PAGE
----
I am a sugar addict. Much like an alcoholic can’t stop at one bottle of beer but will drink until he either finishes the entire six-pack (or passes out); I can’t stop at one cookie, but will eat until I finish the whole box. After years of yo-yo dieting and miserably failing at trying to control this destructive behavior, a few years ago I finally joined Overeaters Anonymous (http://www.oa.org/). It’s a great program and I learned that it’s not about the food at all—it’s about my inability to deal with my own feelings. When I’m stressed, angry, hurt, or scared, I have intense cravings for sugary foods, especially baked goods.
For nearly three years, I didn’t eat any sugar. Then in February of last year, I was dealing with temptation of another kind and I allowed myself to cave in to the sugar cravings. It is now five months later and I am up nine pounds. The majority of my clothes are uncomfortably tight and I am miserable whenever I wear them. I get depressed each morning when getting dressed, having to choose my attire based on what still fits. I have been here so many times in my life and absolutely hate it. Most of all, I hate feeling out of control of my own choices.
People who don’t have addictive tendencies don’t understand this concept, but for anyone who’s dealt with compulsive behavior, you know it far too well. If I’m halfway through a glass of wine or a margarita and I start feeling woozy, I will not finish it, no matter how much I paid. That feeling never comes when I’m eating sugar. The only thing that stops me is knowing that others are watching and must be horrified at what a pig I am making of myself. Then I will begin concocting plans to eat more without anyone seeing me. This is not the thought pattern of a healthy person; it is the thinking of an addict.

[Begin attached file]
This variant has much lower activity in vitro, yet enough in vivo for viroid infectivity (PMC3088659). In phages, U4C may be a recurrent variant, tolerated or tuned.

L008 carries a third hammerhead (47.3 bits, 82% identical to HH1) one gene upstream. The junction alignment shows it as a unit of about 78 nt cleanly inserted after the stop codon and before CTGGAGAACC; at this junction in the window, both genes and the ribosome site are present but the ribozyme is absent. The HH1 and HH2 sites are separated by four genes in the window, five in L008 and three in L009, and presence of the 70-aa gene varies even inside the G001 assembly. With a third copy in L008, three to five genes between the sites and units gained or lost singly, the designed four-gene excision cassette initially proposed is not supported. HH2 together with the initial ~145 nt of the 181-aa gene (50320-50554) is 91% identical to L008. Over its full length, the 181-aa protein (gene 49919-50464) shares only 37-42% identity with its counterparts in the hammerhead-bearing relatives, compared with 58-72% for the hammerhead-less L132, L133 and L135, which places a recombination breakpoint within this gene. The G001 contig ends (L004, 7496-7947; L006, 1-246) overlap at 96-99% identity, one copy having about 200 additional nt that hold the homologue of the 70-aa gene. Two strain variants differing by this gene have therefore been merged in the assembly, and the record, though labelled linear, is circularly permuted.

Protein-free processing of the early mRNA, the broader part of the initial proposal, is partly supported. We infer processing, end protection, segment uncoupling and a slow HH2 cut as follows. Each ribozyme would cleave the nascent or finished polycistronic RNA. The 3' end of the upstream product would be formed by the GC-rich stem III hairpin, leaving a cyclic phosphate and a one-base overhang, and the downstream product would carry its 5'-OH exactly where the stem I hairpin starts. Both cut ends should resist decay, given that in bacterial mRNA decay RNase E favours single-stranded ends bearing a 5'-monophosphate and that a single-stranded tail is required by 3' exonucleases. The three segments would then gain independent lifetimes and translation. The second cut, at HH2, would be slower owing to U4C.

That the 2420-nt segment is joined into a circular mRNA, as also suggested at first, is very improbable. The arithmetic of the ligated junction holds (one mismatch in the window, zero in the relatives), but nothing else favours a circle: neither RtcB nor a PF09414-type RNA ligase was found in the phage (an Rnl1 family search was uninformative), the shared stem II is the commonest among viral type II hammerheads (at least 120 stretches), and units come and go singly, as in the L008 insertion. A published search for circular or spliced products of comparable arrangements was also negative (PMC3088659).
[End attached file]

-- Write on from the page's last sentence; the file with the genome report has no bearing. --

Mornings go well and I generally make great choices. I start by going to the gym or running, then I have a healthy protein drink. Lunch isn’t too bad, but after that, I begin to unravel. I’ve trained myself to choose wisely when I’m doing the weekly shopping, but lately I’ve been allowing myself to make special trips to the store for my drug of choice:
Thanks to OA, I know how to deal with this behavior. I can go to phone meetings that are held throughout the day, I can read the book of meditations or the Alcoholics Anonymous Big Book, I can call someone I used to know when I was involved in the program, and I can start keeping a food journal and send it each day to someone who knows what’s going on with me. Unfortunately, for the last five months, I have felt this rebellion welling up inside of me. I know it’s good for me and it was incredibly effective in keeping me from my crazy binge-eating behavior, but the addict inside of me just doesn’t want to do it.
It is morning now and, as usual, I am making good choices. I have asked a good friend to start receiving my food journal at the end of each day. Today, I am committing to be abstinent from binge eating. Today, I am committing to sending a log of everything that goes in my mouth to a friend who will hold me accountable. Today, I promise myself that I will behave in ways that show love for my body. Today, I will turn to God with my troubles including all those feelings that I don’t want to deal with.
Today, I will make wise choices and behave in a way that will make me proud of myself by day’s end.
“So do not worry about tomorrow; for tomorrow will care for itself. Each day has enough trouble of its own.” — Matthew 6:34 NAS
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